20 September 2011

FG moves to establish ship recycling facility: Africa's first Ship recycling facility in Nigeria

IN continuation of her efforts to develop the shipbuilding sector of the Nigerian maritime industry, the Management of the Nigerian Maritime Administration and Safety Agency, NIMASA has concluded arrangements with a Dutch firm to establish Africa's first Ship recycling facility in Nigeria.

' Director General of the Agency Mr. Temisan Omatseye made this disclosure during a presentation to NIMASA by representatives of the Southern African Shipyard (SAS) who were in the country to explore the possibility of establishing a Shipyard in Nigeria.
Omatseye stated that the exact location for the Ship recycling facility is the only challenge being sorted out by the Agency. While stating that construction work should commence by the fourth quarter of this year, the DG expressed optimism that the project will have a positive multiplier effect on the Nigerian maritime sector.

“Ship recycling offers a possibility to reuse significant parts and equipment of the ship. Steel can be recycled to produce new steel, reducing the energy required for processing by two-thirds. Copper cables and aluminum may also be recycled in similar ways. This way we reuse natural resources. With our vessel replacement programme on course, you will agree with me that establishing a ship recycling facility in Nigeria will avoid waste and create wealth for Nigerians,” he said.

The DG noted that international standards will be adopted in establishing the facility to avoid environmental hazards adding that adequate environmental impact assessment will be carried out before its final site is determined. Mr Omatseye also stated that NIMASA will adhere strictly to the provisions of the Hong Kong International Convention for the Safe and Environmentally Sound Recycling of Ships which was adopted in May 2009.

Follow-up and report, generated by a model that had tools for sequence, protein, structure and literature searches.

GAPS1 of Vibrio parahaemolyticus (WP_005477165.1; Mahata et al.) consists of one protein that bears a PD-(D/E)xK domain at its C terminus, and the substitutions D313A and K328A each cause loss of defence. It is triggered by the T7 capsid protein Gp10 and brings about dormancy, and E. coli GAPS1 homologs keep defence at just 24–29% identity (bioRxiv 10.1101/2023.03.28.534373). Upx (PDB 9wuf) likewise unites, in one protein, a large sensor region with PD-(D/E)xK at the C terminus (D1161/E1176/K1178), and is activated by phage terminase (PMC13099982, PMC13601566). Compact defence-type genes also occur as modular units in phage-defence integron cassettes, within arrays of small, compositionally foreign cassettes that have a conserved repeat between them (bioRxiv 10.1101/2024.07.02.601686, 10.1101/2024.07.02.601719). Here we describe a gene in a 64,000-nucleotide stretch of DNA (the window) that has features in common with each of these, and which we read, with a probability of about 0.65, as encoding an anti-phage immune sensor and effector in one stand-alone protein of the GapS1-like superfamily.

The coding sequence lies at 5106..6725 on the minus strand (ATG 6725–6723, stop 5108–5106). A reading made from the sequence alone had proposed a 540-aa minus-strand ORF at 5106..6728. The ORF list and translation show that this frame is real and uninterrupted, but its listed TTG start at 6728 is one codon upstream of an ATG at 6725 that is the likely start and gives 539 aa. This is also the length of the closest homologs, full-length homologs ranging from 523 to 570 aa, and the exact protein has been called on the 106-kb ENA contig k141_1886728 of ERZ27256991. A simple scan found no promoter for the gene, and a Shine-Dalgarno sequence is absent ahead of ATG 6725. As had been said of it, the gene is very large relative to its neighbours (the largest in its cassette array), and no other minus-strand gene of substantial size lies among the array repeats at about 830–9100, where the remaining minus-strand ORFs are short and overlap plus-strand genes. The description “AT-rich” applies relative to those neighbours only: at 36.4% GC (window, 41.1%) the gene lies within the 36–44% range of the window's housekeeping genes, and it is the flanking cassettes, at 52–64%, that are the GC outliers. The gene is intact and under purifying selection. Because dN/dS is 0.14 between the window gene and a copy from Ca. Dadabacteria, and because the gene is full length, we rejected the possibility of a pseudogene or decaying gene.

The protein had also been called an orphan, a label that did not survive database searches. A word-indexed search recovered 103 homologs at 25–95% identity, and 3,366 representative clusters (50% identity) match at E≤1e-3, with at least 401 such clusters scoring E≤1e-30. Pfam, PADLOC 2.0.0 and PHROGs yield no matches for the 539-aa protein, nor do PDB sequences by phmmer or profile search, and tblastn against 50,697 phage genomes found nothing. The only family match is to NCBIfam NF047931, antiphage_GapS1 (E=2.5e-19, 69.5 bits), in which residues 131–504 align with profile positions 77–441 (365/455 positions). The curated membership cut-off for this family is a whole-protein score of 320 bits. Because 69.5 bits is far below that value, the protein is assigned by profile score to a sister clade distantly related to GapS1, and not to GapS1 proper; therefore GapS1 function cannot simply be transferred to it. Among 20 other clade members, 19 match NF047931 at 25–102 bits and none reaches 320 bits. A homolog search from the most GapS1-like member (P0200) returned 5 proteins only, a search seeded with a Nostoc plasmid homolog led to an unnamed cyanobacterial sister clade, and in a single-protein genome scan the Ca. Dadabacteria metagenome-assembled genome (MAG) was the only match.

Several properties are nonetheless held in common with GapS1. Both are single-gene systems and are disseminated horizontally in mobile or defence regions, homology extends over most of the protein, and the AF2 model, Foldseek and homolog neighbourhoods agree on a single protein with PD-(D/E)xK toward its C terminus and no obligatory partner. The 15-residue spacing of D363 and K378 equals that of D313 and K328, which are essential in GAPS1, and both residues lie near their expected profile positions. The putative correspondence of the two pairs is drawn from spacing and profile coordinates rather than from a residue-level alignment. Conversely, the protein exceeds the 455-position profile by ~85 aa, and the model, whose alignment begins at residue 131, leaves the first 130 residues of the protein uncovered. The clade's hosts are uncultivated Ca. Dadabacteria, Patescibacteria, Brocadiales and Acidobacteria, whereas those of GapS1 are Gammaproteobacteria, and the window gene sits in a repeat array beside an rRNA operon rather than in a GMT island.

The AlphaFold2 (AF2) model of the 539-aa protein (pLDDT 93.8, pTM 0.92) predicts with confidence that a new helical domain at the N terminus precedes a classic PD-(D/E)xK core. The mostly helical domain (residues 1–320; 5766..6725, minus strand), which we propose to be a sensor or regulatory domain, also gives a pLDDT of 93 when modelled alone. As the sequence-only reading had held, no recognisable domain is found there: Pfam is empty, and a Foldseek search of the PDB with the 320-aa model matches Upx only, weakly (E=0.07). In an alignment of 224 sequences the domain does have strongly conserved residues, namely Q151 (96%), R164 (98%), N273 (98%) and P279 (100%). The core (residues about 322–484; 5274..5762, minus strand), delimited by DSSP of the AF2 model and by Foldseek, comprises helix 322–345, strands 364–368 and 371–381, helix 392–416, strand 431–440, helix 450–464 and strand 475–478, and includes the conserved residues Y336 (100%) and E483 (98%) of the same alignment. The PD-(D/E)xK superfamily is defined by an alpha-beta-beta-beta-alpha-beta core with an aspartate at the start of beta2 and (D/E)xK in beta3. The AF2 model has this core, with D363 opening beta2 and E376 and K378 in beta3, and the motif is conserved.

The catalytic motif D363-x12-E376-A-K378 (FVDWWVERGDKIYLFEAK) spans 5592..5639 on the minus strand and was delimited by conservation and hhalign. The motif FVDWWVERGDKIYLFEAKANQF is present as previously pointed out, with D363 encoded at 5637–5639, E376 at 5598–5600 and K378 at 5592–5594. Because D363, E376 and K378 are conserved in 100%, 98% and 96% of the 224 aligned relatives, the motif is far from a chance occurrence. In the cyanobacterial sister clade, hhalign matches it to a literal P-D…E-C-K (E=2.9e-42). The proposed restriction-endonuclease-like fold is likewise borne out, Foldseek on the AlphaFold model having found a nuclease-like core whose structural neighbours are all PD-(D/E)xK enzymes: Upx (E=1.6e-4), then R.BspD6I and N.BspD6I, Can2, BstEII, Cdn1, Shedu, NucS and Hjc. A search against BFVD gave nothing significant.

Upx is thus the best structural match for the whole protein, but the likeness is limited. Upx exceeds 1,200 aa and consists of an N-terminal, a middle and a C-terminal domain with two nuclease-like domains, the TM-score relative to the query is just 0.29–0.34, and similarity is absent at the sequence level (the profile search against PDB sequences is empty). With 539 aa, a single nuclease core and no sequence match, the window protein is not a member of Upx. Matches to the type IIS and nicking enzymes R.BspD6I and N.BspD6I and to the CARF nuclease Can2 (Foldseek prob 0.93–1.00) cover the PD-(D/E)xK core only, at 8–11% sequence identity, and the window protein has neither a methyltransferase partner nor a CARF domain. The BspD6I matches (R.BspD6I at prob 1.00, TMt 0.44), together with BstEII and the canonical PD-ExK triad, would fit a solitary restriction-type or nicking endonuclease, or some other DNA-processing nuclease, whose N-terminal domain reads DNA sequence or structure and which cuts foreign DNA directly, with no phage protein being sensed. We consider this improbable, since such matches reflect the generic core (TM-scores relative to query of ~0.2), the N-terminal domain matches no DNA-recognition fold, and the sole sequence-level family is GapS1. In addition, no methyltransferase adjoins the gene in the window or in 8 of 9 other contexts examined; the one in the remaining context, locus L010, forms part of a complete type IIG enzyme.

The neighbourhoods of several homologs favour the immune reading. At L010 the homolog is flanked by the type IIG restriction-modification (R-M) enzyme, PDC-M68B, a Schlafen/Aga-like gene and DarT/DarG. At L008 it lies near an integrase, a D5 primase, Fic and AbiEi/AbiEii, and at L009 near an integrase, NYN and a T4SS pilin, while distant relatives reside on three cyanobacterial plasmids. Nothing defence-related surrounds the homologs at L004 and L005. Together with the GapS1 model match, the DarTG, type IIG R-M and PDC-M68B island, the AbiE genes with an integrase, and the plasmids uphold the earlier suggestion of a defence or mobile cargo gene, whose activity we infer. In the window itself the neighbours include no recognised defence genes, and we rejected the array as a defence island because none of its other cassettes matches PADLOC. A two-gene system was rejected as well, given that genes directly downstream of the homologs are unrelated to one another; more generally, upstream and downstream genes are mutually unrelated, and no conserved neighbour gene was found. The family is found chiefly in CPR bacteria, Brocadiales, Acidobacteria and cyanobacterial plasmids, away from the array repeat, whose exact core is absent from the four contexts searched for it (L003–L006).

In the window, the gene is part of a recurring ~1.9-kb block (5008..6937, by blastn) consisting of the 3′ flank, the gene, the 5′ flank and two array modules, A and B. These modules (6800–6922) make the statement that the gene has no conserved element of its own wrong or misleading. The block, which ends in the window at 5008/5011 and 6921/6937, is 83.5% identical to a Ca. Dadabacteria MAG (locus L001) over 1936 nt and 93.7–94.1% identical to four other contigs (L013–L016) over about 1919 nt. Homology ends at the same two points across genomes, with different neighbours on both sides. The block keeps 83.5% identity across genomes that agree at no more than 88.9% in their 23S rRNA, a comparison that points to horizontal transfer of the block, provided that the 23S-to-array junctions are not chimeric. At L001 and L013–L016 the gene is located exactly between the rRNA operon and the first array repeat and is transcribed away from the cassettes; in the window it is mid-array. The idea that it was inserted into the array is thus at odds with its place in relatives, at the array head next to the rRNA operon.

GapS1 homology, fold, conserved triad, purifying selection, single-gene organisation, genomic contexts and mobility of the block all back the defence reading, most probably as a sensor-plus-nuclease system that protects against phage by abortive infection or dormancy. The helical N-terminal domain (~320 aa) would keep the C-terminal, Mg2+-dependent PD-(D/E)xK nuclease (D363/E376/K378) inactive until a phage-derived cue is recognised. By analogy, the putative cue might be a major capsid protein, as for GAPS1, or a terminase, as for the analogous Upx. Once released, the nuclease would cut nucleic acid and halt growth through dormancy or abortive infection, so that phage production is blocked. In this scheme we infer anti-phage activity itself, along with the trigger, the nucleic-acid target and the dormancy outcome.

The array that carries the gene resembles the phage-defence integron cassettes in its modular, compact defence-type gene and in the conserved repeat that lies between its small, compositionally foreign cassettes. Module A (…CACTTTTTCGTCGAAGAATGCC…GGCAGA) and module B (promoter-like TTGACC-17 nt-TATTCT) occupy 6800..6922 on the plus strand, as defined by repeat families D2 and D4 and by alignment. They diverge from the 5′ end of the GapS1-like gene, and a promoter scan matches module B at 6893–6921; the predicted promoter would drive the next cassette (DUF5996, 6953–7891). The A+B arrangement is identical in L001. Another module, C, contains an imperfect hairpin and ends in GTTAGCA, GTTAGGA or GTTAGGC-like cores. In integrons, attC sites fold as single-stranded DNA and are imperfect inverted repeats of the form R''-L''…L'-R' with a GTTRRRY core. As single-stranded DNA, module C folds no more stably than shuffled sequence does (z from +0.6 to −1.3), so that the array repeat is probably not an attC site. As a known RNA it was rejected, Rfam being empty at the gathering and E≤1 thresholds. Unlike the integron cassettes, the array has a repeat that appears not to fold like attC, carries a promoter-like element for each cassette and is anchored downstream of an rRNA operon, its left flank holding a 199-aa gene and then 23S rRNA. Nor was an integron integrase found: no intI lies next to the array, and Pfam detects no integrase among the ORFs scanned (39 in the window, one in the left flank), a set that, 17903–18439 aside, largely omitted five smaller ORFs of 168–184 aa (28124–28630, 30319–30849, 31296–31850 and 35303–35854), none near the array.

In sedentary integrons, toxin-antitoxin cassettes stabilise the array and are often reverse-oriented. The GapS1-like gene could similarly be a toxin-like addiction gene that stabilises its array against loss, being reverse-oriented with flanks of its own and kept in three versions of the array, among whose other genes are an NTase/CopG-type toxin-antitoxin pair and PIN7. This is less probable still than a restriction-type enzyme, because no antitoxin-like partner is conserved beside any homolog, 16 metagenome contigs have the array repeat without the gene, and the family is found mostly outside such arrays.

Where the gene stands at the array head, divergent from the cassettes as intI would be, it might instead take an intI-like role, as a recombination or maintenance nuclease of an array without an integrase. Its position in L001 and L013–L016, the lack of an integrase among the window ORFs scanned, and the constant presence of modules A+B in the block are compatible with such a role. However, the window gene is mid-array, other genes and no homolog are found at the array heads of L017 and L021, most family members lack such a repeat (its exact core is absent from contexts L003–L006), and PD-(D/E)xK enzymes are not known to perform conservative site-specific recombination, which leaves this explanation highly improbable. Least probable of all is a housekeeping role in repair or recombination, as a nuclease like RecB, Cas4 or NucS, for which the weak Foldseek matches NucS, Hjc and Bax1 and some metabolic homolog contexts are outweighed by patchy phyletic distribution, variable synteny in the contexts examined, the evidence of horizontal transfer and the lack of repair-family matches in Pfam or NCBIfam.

This Convention is aimed at ensuring that ships, when being recycled after reaching the end of their operational lives; do not pose any unnecessary risk to human health and safety or to the environment.

The new Convention intends to address all the issues around ship recycling, including the fact that ships sold for scrapping may contain environmentally hazardous substances such as asbestos, heavy metals, hydrocarbons, ozone-depleting substances and others. 

Ships to be sent for recycling will be required to carry an inventory of hazardous materials, which will be specific to each ship.
Ship recycling yards will be required to provide a "Ship Recycling Plan", to specify the manner in which each ship will be recycled, depending on its particulars and its inventory.

Source: National Daily Newspaper. 20 September 2011

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